One place of Bodrum that no visitor to this great city should miss is the famous Bodrum Castle, which overlooks the harbor and the international marina.
U can shoot great photos w superb view of the whole Bodrum area ... :)
This castle was constructed by the Knights of Rhodes in the 15th century during the crusades of the middle ages and it was given the name The Castle of St. Petrus, or Petronium.
The Bodrum Castle is open to the public and it houses Bodrum’s remarkable Museum of Underwater Archaeology and also hosts several Turkish cultural festivals throughout the year.
The Bodrum Museum of Underwater Archaeology, which received a special commendation in 1995 as a European Museum of the Year, was established in the Bodrum Castle in 1964.
Initially, the restoration of the castle was the priority; later, exhibition halls were created in the available space
There are most of the time Art Festivals, Jazz Concerts, Classical Music Performances etc in and around the castle area ...
St Peter's Castle has another treasure, particularly for the lover of archaeology - the castle houses the museum of underwater archaeology and it is the centre of underwater archaeological techniques in this part of Europe.
Look at artefacts taken from wrecks in the Aegean, the mural of the development of sea trade in this area and huge ships. Some of the exhibition is contained in the old ottoman mosque which was originally a chapel in the time of the Knights of St John. The shipwrecks held here come from medieval and Roman ages as well as teh Uluburin - the oldest shipwreck ever discovered. This all makes St Peter's Castle a double treat.
The Haluk Elbe Art Gallery at the front of the Castle is named after the first Director of the museum.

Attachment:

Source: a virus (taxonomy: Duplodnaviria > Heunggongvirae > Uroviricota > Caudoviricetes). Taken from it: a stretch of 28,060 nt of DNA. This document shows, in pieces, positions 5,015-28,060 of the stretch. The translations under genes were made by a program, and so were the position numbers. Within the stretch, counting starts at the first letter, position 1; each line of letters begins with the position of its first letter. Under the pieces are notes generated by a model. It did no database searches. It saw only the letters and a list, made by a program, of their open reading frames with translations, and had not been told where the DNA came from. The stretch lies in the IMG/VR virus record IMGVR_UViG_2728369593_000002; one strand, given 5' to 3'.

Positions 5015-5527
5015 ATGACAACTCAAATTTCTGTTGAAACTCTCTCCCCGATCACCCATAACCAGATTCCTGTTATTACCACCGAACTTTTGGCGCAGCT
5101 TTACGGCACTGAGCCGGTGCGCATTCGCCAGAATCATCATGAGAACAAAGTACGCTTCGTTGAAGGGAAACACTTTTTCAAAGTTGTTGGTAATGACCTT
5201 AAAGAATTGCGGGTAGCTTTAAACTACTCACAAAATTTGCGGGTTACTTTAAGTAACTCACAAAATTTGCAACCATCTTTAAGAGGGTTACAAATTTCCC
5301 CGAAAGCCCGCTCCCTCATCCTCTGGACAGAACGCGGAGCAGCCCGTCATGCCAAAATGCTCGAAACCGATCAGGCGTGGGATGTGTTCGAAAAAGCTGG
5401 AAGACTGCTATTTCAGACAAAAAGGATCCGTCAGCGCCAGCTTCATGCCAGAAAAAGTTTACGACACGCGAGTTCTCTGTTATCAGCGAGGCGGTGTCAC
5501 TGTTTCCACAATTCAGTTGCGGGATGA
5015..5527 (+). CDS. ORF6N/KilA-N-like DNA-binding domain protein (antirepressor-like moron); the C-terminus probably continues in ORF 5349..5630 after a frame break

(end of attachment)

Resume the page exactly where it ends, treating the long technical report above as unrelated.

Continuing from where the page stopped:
Whether viewed from the land or the sea, Bodrum's famous castle is an impressive example of medieval architecture. Occupying some thirty thousand square feet at its base, construction of the castle took years to complete. In its days, the castle was a monumental symbol of the unity of Christian Europe against the ascending power of the Ottomans.
The castle is in excellent condition, it now houses a remarkable museum. The walls of the castle are studded with some 249 coats of arms. A lot of the stones used in the construction come from the tomb of king Mausolus (†353 BC). One of the Seven Wonders of the world, its massive construction survived for centuries until an earthquake brought it down in medieval times. The knights used the ruins as a quarry. While reinforcing the castle in 1522, they even discovered the funerary chamber of the king, whose treasures were quickly looted. Almost nothing remains on the site of the Mausoleum, but the frieze which decorated the castle was taken to London in the 1830s, and smaller architectural elements still remain, their white marble readily visible.
In the 15th century, the Knights of St John invaded the region (whose headquarters were on Rhodes) and began constructing the castle we see today.
In its heyday, the castle was probably manned by fifty knights and perhaps three times that many ordinary soldiers
Very enjoyable to see the castle itself, the ruins in the museum, but I mostly like to watch Bodrum from the castle.
the Bodrum castle is a very unique building since it carries the marks of more than 10 different civilisations.. leleks, maltese knights, english-german-french towers...